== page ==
Should You Pay Down Debt or Start Investing Your Money?

by James Hendrickson on May 10, 2017 · 0 comments

paying down debt, investing money, financial advice


Debt comes in many forms—student debt, mortgages, auto loans, and personal loans among others. Most people would have at least one debt situation (there’s good debt) that they are servicing with repayments and interest. Interestingly, people save up a tidy sum or they get a surprise windfall that could have a huge impact on their finances.

However, you’ll most likely be torn between using the money to pay off debt or investing the money to unlock other streams of income. You can invest the money by starting a business or buying equity in an existing business.  Putting your money in paper assets such as stocks, CFD trading instruments, bonds, and commodities are smart ways to put your money to work without incurring the startup capital required to run a business.

Below are insights from three schools of thought that can help you decide if you should pay off debt or apply the money towards investments

The logical school of thought

The logical school of thought lends itself stoicism that suggests a mathematical approach to solving the riddle. The mathematical approach suggests that you should use your money to an end that will have the biggest positive impact on your finances. Hence, you can decide on paying off debt or investing based on how the result will affect your finances in the grand scheme of things.

If the interest rate on your debt is lower than the ROI you can expect from the investment; then, it makes more sense to invest and postpone paying off the debt. You can use the ROI from the investment to pay the interest on the debt and you’ll still have some money left over for yourself. The legendary Warren Buffet didn’t pay off his mortgage even though he could – he figured that the money could be put to better use in his investment portfolio.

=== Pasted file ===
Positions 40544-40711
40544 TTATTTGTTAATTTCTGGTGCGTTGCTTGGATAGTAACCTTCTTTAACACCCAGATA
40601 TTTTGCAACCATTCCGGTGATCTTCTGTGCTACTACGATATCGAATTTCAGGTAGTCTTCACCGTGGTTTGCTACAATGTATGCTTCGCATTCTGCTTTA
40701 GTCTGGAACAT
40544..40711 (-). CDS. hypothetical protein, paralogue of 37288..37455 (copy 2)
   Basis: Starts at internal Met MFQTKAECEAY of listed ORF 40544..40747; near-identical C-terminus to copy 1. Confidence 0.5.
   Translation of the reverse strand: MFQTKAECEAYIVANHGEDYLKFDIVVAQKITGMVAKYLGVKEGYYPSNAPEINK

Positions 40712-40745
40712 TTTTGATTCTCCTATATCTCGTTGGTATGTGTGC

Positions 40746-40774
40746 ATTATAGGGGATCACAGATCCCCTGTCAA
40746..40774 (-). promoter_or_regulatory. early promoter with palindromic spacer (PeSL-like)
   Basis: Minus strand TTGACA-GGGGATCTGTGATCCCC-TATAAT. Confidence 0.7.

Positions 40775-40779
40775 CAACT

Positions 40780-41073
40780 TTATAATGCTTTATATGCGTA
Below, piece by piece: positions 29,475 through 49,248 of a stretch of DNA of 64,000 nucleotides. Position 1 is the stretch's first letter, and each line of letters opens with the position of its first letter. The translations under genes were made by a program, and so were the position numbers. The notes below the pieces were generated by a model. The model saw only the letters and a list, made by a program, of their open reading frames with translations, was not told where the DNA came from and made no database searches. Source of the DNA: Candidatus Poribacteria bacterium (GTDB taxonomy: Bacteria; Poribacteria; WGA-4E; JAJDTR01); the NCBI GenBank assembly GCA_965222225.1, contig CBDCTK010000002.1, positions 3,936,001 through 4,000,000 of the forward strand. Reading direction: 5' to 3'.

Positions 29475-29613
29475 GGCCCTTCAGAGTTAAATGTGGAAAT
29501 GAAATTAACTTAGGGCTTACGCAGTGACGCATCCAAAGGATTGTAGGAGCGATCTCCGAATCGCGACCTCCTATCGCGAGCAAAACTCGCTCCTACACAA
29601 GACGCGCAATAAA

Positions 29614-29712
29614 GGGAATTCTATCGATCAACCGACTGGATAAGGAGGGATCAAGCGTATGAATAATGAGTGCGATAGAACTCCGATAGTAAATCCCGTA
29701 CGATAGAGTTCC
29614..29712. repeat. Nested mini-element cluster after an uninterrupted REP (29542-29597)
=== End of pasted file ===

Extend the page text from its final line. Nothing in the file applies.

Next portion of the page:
Conversely, if the investment yields a lower return than the interest rate you’ll pay on your debt, it might make more sense to pay off the debt. You’ll be debt free, your credit score might improve, and you’ll have more discretionary income from your future earnings.

The emotional school of thought

The emotional school of thought on paying off debt VS investing takes into consideration the fact that humans make decisions based on their feelings. You are the most important variable that could determine if you should pay off debt or use the money for investments.  For one, some people do not like owing money and they’ll most likely be losing sleep if they have a debt problem. Others seem to enjoy the rollercoaster highs and lows of investing to increase wealth.

Hence, you need to honestly ask yourself how you’ll feel if you take one option over the other. If you choose to pay off the debt, will you be able to rest, knowing the opportunity cost in the investment you did not make? If you choose to invest, will your be at peace knowing that the investment could fail, you could lose your money and still be left with an unpaid debt? You are in the best position to know the best course of action based on how you’ll feel after you make your decisions.

The hybrid compromise

The hybrid compromise solution seeks to create a two-pronged approach to solving the investment VS debt-freedom riddle. With the hybrid compromise, you’ll pay down a part of the best and you apply the remaining funds towards investments. The hybrid compromise helps you to locate the delicate balance between paying off debt and making smart investments. Hence, you won’t have to worry about opportunity cost or lose sleep on the possibility that the investment could fail.

For the hybrid compromise to be effective, you’ll need to conduct excellent due diligence on your investments. Your due diligence will help you to make educated investment decisions so that you’ll reduce the likelihood that your investments will fail. You may also want to apply for automatic standing orders on your account – the standing orders automatically apply a predefined part of your earnings toward paying down debt and towards dollar-cost averaging investments each month.

Get Your FREE Ebook


DINKS (Dual Income No Kids) Finance focuses on personal finance for couples. While by no means financial experts, we strive to provide readers with new, innovative ways of thinking about finance. Sign up now to get our ebook, "Making Money Tips for Couples" FREE.

We won't send you spam. Unsubscribe at any time. Powered by ConvertKit

{ 0 comments… add one now }

Leave a Comment

Previous post:

Next post: